Dell deal may widen JBoss reach
Computer maker gives nod to open-source middleware
- By John Moore
- Aug 22, 2005
More government agencies will have access to open-source middleware from JBoss because of a deal between the company and Dell. That's the result that JBoss sought when it signed an original equipment partnership announced earlier this month.
Dell's server market and sales operations provide a platform for growth. "We are looking forward to benefiting from their extensive sales force," said Drew Ladner, general manager of JBoss' Government Group.
Under the agreement, government customers will can obtain JBoss support subscriptions from Dell. The company licenses its JBoss Enterprise Middleware System (JEMS) for free. It generates revenue through support services.
The deal is a step forward for Dell, said Judy Chavis, Dell's director of business development and global alliances, because it extends the company's Linux strategy.
Dell's Linux efforts have focused on high-performance computing clusters. But Chavis said "the bulk of the opportunity is around the...application development area, where JBoss fits in
JEMS includes an application server, Web portal platform and a workflow management system, among other components.
The subscriptions give customers technical support, management tools, bug and patch support, and training discounts. Dell offers a complete open-source solution that encompasses the company's PowerEdge servers, Red Hat Enterprise Linux or Novell SuSE Linux Enterprise Server, MySQL database manager, and JBoss application server software.
In July, AEM, an information technology services company, became JBoss' first certified federal systems integrator. Joe Dickman, an AEM managing director, said the Dell alliance will make JBoss' technologies easily available to agencies.
As JBoss becomes more accessible, "there will be more opportunities for [chief information officers]...to take that leap into JBoss," he said.
Although Dell broadens JBoss' reach, the technology has already made its first government inroads.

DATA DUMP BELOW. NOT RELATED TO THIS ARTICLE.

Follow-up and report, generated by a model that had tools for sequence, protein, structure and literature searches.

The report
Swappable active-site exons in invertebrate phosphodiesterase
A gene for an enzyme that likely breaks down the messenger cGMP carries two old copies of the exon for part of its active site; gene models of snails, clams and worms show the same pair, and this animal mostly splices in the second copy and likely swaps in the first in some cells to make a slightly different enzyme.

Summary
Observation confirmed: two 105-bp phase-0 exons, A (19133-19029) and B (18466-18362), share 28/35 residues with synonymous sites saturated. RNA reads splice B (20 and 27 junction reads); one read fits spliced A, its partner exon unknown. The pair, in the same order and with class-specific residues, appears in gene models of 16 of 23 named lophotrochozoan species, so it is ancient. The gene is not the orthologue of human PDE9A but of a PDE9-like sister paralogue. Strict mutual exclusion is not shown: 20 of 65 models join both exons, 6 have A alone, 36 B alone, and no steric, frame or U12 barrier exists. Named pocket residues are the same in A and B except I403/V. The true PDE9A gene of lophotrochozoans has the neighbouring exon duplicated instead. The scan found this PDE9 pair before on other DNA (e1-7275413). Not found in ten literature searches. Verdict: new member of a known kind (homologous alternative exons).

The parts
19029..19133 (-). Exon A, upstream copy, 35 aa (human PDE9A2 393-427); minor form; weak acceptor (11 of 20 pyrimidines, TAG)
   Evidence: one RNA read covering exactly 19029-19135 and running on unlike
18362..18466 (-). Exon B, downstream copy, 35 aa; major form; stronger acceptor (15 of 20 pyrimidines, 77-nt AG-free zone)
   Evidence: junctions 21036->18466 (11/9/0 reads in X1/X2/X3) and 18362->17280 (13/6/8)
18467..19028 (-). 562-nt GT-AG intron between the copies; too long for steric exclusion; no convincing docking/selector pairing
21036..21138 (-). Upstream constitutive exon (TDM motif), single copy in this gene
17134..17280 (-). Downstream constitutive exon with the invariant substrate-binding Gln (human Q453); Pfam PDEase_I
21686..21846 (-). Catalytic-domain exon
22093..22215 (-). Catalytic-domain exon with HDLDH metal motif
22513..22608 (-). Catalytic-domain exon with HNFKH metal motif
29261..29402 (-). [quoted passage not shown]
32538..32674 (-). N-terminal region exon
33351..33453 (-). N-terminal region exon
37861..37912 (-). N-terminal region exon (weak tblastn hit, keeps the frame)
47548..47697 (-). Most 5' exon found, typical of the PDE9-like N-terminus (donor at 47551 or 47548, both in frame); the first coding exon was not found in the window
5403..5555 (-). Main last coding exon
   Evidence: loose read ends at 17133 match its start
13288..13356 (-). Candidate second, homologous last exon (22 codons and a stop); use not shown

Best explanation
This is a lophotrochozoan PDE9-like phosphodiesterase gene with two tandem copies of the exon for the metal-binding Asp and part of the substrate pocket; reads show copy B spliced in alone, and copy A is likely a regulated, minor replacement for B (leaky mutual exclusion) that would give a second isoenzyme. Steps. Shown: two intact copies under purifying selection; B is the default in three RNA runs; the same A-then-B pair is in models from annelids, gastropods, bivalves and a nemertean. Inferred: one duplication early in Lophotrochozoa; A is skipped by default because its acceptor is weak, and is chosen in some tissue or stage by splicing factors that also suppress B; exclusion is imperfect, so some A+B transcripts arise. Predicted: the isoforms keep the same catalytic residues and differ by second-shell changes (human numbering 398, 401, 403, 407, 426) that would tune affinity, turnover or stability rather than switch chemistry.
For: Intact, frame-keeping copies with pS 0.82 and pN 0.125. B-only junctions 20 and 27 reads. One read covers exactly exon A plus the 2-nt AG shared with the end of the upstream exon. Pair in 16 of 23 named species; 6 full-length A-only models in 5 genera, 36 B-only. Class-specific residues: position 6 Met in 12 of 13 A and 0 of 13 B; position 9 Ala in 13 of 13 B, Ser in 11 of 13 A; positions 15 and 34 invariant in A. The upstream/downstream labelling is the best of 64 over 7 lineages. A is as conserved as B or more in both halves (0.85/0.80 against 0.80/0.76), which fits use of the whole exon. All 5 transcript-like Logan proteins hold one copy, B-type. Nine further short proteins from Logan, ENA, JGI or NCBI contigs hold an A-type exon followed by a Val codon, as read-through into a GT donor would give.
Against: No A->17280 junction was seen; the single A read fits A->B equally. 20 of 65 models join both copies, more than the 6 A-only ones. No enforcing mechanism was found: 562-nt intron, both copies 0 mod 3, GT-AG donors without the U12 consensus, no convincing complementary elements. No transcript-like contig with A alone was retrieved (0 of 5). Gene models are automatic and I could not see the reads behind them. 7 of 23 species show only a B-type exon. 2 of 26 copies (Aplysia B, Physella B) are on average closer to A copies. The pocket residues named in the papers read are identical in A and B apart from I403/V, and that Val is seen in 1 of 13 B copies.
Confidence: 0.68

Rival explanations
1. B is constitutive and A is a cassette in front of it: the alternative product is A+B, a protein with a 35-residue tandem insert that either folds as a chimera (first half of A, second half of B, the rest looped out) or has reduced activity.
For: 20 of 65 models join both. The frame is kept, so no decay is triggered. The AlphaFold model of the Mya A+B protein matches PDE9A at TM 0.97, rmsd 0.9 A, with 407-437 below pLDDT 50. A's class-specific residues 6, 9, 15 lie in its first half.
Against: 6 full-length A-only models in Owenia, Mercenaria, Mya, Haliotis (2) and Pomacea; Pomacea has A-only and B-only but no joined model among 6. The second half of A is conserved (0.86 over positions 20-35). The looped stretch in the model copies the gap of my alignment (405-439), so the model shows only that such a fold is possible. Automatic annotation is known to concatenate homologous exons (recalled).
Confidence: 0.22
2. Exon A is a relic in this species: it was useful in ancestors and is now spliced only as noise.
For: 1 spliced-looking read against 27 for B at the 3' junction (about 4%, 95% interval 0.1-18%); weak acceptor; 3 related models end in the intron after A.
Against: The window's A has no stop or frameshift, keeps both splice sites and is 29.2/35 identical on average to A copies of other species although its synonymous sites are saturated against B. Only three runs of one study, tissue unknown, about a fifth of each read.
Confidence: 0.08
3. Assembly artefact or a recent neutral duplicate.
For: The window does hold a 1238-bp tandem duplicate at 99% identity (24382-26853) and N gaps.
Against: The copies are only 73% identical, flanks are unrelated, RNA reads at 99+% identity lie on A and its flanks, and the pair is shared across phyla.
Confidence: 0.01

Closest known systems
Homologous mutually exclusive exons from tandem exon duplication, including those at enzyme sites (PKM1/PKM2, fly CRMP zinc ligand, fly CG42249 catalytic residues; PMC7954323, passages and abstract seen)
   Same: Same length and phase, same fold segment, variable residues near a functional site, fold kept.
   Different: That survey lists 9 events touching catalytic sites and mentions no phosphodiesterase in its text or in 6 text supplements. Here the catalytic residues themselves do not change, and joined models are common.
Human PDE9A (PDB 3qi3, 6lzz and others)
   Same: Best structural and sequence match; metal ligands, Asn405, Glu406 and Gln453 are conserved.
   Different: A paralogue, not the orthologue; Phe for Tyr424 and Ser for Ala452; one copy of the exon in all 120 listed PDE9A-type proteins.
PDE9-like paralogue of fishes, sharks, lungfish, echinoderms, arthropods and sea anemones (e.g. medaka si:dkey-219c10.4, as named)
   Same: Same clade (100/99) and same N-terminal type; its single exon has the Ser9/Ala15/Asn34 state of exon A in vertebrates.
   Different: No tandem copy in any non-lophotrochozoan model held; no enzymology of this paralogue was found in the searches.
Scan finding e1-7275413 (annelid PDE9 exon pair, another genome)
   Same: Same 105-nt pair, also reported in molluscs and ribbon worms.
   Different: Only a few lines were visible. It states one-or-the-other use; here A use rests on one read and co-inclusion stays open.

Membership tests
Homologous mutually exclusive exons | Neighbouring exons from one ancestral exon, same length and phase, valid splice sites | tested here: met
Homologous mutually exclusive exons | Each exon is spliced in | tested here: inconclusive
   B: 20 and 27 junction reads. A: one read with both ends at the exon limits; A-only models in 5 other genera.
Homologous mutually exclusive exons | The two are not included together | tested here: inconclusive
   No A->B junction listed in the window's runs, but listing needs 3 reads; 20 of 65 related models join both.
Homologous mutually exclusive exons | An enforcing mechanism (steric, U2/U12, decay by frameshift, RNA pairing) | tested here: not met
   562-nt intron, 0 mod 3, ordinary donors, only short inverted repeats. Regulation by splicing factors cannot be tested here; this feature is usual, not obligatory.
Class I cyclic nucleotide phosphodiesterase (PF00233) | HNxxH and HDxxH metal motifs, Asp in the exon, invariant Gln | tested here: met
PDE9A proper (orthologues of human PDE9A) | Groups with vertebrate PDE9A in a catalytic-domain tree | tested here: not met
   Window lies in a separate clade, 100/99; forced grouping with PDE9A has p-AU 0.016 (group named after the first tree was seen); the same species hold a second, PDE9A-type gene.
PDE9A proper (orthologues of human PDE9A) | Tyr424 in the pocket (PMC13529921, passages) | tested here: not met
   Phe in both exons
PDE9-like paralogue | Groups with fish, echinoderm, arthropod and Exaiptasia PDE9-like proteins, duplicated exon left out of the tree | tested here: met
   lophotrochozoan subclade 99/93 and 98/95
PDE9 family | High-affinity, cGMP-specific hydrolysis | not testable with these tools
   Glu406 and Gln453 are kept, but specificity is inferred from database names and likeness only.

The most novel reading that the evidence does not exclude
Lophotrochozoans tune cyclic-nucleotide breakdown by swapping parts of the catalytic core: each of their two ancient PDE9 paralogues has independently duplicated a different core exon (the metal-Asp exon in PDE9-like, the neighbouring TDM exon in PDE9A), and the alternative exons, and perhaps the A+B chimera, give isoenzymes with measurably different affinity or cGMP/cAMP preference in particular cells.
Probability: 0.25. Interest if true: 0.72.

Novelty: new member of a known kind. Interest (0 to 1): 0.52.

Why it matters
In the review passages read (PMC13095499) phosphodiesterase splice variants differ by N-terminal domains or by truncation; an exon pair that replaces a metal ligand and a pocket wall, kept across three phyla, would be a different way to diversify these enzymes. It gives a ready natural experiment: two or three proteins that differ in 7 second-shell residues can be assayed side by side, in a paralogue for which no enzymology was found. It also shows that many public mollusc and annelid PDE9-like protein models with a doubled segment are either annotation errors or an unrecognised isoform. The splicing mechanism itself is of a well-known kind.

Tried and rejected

Dickman said a handful of AEM's government customers are using JBoss, and others are asking AEM about the software. "They are trying to educate themselves and establish reference architectures," he said.
Savings are one reason why agencies consider JBoss. Dickman said one client expects to save $500,000 in annual licensing fees by replacing BEA Systems' WebLogic portal component with JBoss' portal.
Agencies avoid licensing fees, but JBoss support service subscriptions start at $10,000 for the application server, Ladner said.
JBoss' open nature is another incentive. "While I think the economics are interesting, what is most interesting for government customers is avoiding proprietary lock-in," Ladner said. "That continues to be a huge reason why government agencies are adopting JBoss."
Dickman said JBoss provides an alternative to proprietary middleware products, such as BEA's WebLogic and IBM's WebSphere. "JBoss' quality is right up there with IBM and BEA," he said.
JBoss is also challenging IBM and BEA in market share, according to one market research firm. Respondents to a November 2004 BZ Research survey gave JBoss' application server an edge over IBM and BEA offerings.
When asked what Java application servers were in use at their companies
or the companies for which they consulted, 34.8 percent of the respondents identified JBoss. In comparison, 33.9 percent cited WebSphere, and 28.7 identified WebLogic.
Other data suggests that the proprietary firms don't need to worry. IDC recently ranked IBM as the top vendor of application-deployment software, with a 37 percent share. BEA followed with a 12 percent slice of the market. IDC includes application servers and other middleware elements in its definition of application deployment.
Dennis Byron, an IDC analyst of business process automation and deployment software research, said he sees no signs that JBoss is significantly displacing its
Byron said JBoss ranks well down the list of application-deployment vendors in market share. IDC's market analysis considers software sales and maintenance contract revenue. This methodology does not track the use of open-source products that don't include maintenance contracts.
Byron said JBoss is becoming a strong competitor among small to midsize businesses, but the company isn't a large enterprise player.
Dickman said JBoss deployments in the government may start small, but they can expand. He cited the example of an agencywide deployment in the Defense Department.
"I don't think the others will be dethroned," Dickman said, referring to IBM and BEA products. But he said he believes JBoss has become a contender that can't be ignored.